elcome back to the Londoner’s Diary. First up Kazuo Ishiguro reveals his confidence in the power of literature has “gone slightly shaky” and he now doubts the argument he made in his Nobel prize speech in 2017. Later on Tom Holland says he has discovered he would be the “worst soldier in the world” and Candice Carty-Williams reveals her rather peculiar superpower. Later on Ghosts actor Laurence Rickard talks about some of his “unusual encounters” with fans, including a bottle with a mystery liquid.
Rishi Sunak delivers his second Budget today, but it’s his video trailing it that’s taken all the limelight. Despite the sniping which saw Labour’s Jon Ashworth say “the ego has landed”, the Treasury are still proud of it, we hear. The video has nearly one million views, a source points out, adding “it’s a good thing that people have watched an almost six-minute video about the budget and economic policy”. They added: “Of course whenever you’re trying/doing something new people will attack you,” hinting more videos were to come as the reaction had been generally positive. “People expect politicians to produce good and clear content — after all we watch videos more than ever.” We’ve not seen the last of it yet.
Ghosts star’s spirited meeting
Ghosts actor Laurence Rickard says although his fans are usually nice people, he has had some “unusual encounters”. One man asked if he was the “bloke from Ghosts” then went on to tell him how he hadn’t watched it. Another sent him a bottle of cloudy liquid described only as “homemade drink”. But the actor — who plays caveman Robin — tells us his most wince-worthy moment was when the tables turned. When he found himself next to comedian Rob Brydon at a reception he chatted amiably, believing they had worked together. It was only when Brydon walked away he realised: “I just recognised him off the telly.”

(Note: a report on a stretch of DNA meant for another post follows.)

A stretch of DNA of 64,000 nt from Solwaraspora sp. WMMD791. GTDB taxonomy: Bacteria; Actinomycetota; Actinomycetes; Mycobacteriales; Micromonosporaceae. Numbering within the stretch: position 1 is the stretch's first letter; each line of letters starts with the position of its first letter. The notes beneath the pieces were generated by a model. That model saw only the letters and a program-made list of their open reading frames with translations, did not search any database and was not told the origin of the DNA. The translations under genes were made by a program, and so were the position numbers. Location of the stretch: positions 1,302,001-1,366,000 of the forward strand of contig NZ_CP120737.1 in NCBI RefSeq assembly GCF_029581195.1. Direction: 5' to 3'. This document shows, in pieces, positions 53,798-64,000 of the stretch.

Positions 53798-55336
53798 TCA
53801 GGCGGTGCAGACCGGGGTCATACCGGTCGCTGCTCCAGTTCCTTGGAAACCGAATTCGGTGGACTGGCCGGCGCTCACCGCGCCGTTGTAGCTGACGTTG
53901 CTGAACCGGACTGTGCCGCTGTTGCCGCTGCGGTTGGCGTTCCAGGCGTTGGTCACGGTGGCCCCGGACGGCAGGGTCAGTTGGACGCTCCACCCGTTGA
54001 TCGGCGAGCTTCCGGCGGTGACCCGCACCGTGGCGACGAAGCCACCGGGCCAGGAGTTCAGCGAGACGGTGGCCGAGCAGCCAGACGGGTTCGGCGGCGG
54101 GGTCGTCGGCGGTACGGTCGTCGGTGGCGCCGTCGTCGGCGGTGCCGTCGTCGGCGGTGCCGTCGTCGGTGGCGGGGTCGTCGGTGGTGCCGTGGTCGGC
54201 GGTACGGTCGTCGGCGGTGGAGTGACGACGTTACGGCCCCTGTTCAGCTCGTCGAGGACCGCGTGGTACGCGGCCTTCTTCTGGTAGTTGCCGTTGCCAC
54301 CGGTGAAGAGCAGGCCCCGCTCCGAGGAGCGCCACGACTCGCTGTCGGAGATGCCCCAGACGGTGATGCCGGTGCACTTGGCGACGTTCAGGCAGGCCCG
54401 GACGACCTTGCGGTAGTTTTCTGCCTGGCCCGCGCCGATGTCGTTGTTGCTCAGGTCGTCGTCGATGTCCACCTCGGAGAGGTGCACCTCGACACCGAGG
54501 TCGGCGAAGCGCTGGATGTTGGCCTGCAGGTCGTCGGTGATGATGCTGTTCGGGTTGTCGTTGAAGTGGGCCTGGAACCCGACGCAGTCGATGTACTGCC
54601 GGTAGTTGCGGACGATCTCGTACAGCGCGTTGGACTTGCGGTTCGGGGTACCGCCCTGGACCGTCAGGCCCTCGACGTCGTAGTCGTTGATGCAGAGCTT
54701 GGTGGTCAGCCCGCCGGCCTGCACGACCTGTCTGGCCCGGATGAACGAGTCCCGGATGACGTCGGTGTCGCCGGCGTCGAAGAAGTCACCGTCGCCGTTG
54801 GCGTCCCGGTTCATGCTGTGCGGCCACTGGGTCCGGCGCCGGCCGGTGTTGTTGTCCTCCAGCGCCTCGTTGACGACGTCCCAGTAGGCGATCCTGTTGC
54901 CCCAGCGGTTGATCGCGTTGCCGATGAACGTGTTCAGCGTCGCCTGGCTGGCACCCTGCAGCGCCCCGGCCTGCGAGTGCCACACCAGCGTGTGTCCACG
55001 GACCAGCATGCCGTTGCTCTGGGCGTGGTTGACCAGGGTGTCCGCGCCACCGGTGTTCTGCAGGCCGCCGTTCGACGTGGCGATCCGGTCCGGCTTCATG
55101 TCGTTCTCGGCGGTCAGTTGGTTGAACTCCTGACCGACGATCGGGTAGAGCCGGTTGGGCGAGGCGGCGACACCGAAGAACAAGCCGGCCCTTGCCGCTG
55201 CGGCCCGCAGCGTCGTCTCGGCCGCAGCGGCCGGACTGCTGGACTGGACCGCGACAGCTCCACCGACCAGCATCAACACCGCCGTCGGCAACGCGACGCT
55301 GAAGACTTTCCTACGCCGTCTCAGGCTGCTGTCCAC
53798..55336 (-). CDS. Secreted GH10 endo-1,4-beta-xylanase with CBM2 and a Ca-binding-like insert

Candice has new slant on reading
Candice Carty-Williams has revealed her rather peculiar superpower. The author says she wrote the first 40,000 words of her debut best-selling novel Queenie in just one week and tells Annie Macmanus’s Changes podcast that she can read a book in a couple of hours. The key to her efficiency? “I read diagonally.” She says: “I just read it across and I just end up picking up the full paragraph quite quickly. It’s really strange.”
No bones about Tom’s soldiering
Tom Holland has discovered he would be the “worst soldier in the world”. The Spider-Man actor, who plays an army medic in new crime drama Cherry, says whenever the directors shouted action and “the bullets would start flying and the explosions would start going off”, he would “just panic”. He even managed to dislocate his ankle while running during a scene. He told GQ, fortunately: “I stood on it and it popped back in.” At least he’s got the medic part of the role down.
Kazuo Ishiguro has admitted his confidence in the power of literature has “gone slightly shaky” because of the events of the past year and that he now doubts the argument he made in his Nobel prize speech in 2017. “Are we on the wrong side of the fence in this battle of how you present the truth?” the author asked at an event last night.
Ishiguro, who lives in London, won the Nobel prize for literature in 2017 and gave a speech saying fiction was important because it has emotional truth. “I said it as I received my Nobel prize and I didn’t doubt that all these people would think ‘oh yes’,” he told a Guardian Live event, but said now just four years later he sees a parallel with Trump supporters. “I make people feel things and if I’m successful they come away with a conviction that there’s something authentic and true in there. Is that kind of like people who emotionally feel that Donald Trump won the election?”
He explained there has recently been a “head-on collision” between a scientific approach to truth and an emotional one, which had led to many Americans believing Donald Trump had the presidential election stolen from him. The idea that “it’s the emotion that matters and if you want to assert that your emotion says this then that can be the truth… makes me very uncomfortable”, he said. Ishiguro now wonders “why give a Nobel prize to someone who’s just saying ‘I feel this, this is the emotional truth,’ alongside all these scientists?”